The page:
Duck and Cover: Farage’s Air Force is Coming for a House Near You
At a Brexit Party rally the other evening, Nigel Farage entered the hall to the sound of air raid sirens. What on earth did it all mean?
What the party was getting at with this Budget Blitz Experience was not entirely clear. Were they warning the crowd of an impending strafe? Was Farage about to rain death and destruction on his sextenarian fans? Or was it a distasteful dedication to his German wife?
Who’s to say. The most likely theory is that the Brexit Party, indulging once more in Poundland patriotism, was making a crude allusion to Farage as the saviour of the British nation, equating this pinstripe pinocchio with the stoic folk and brave fighter pilots that dragged our country through some of its darkest hours in the early 1940s. A poorly thought-out and tactless gimmick, to be sure - but what more might we expect from a charlatan snake oil salesman like Farage?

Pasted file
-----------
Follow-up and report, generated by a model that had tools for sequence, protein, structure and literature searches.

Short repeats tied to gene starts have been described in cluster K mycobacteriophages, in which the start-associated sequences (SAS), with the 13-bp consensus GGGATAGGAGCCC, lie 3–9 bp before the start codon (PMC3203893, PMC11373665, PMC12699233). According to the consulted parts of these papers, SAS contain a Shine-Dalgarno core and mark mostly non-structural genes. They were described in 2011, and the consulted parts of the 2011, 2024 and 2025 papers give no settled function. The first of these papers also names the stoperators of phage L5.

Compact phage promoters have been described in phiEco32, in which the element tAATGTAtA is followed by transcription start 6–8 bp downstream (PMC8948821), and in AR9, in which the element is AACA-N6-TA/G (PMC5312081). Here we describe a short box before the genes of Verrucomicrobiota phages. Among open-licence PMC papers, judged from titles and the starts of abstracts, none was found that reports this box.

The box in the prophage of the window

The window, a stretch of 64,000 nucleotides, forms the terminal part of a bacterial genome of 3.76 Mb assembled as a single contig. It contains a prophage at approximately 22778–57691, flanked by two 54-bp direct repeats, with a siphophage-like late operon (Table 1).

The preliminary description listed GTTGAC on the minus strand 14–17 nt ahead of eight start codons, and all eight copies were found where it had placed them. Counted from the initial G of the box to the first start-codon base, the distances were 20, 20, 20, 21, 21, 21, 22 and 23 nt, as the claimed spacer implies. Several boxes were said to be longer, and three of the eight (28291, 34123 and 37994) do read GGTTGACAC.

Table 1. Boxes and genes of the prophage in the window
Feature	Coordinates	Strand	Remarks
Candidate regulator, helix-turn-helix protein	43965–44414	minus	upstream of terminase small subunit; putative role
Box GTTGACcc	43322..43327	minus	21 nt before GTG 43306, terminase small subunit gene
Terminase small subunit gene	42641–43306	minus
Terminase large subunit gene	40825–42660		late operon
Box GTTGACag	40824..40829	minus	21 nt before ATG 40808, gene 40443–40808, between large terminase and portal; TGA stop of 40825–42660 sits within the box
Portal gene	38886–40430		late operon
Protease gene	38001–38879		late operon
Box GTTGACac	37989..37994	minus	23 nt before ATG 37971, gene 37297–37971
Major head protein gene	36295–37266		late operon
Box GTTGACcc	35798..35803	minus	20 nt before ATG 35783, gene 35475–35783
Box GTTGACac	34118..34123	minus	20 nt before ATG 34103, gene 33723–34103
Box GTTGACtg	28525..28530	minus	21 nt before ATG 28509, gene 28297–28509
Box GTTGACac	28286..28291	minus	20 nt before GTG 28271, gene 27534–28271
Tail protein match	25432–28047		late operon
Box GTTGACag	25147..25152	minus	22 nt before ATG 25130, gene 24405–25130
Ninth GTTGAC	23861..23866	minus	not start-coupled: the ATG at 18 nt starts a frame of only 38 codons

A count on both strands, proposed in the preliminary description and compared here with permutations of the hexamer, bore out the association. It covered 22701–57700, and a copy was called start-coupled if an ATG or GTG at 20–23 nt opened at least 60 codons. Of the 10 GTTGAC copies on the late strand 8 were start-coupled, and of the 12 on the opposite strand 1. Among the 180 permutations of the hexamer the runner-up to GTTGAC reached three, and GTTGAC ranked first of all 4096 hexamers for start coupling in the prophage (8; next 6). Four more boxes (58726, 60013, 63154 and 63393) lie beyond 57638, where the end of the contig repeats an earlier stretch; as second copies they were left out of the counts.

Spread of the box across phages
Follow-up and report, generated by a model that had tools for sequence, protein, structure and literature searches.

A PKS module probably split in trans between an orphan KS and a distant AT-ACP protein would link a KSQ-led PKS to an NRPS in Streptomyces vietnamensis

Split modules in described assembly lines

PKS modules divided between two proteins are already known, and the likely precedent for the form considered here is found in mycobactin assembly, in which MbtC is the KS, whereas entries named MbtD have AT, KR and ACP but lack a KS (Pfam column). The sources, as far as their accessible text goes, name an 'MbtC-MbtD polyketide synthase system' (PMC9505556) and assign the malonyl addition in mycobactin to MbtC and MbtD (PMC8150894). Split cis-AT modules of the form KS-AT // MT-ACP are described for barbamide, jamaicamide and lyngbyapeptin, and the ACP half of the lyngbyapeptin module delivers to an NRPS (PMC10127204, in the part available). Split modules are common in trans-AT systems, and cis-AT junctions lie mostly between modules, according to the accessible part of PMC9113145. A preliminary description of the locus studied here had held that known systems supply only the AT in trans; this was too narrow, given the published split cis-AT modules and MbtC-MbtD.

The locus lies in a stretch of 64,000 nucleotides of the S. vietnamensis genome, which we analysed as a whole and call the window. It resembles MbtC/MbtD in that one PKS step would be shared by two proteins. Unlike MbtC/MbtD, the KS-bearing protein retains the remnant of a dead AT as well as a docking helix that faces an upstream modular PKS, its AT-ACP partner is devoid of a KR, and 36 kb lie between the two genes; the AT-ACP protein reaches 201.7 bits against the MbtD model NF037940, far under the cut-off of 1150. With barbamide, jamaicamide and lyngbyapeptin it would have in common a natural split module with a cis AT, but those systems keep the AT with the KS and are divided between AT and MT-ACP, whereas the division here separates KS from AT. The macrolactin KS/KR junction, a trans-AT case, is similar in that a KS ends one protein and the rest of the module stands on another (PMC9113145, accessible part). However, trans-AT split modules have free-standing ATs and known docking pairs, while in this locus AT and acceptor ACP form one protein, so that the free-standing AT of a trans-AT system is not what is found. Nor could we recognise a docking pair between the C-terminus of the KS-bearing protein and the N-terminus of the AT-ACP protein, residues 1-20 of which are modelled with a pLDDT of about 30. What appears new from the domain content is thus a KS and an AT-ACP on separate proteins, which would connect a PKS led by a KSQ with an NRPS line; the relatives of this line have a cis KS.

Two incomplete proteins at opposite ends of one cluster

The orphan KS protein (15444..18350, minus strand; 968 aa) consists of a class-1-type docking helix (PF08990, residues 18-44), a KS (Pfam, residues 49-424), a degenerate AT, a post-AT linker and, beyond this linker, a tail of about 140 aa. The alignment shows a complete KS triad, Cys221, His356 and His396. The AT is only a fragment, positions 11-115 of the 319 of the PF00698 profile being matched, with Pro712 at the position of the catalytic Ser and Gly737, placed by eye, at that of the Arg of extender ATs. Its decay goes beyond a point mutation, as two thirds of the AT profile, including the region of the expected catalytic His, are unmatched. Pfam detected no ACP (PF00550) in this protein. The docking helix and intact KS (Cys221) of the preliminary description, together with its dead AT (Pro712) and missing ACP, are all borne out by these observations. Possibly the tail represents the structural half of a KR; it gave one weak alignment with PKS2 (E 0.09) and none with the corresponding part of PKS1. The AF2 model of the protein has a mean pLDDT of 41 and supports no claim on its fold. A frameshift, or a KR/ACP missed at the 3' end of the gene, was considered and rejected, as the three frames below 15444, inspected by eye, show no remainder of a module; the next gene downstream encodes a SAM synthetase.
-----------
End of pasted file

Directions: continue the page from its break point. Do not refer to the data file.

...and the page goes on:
For decades now Farage and his ilk have sullied the flag of the United Kingdom, rocking up in Brussels like Cosplay City boys to wave two aggressive fingers at the rest of Europe. Farage portrays himself as the Christ-like saviour of our national identity, but the man has no problem sitting down with far-right mercenaries like Steve Bannon and the Trumps when it serves his self-interested, destructive purpose. He milked the European Union for a fat salary - entirely undeserved given the number of debates and votes he didn’t bother turning up to - and now wants to milk the memory of World War Two in a pathetic attempt to garner patriotic support.
While the emotive, angry appeal of Farage and the Brexit Party may be seductive to some, it veils a darker project of division. Allusions to Britain’s past glories not only cast Farage in a dishonest and dangerous light, but they help supporters to extend the life of a British myth that holds us all back.
The Empire is finished, Britain is not a superpower and we are better working together with our neighbours for a whole host of cultural, economic and geopolitical reasons. In the Brexit example, this stark truth has fallen victim to a self-delusion of epic proportions.
At this point, you wouldn’t be surprised to see Farage don a flight jacket and goggles before leaving his rally in a recommissioned Spitfire. Fantasy is so easy, after all; why not go the whole hog?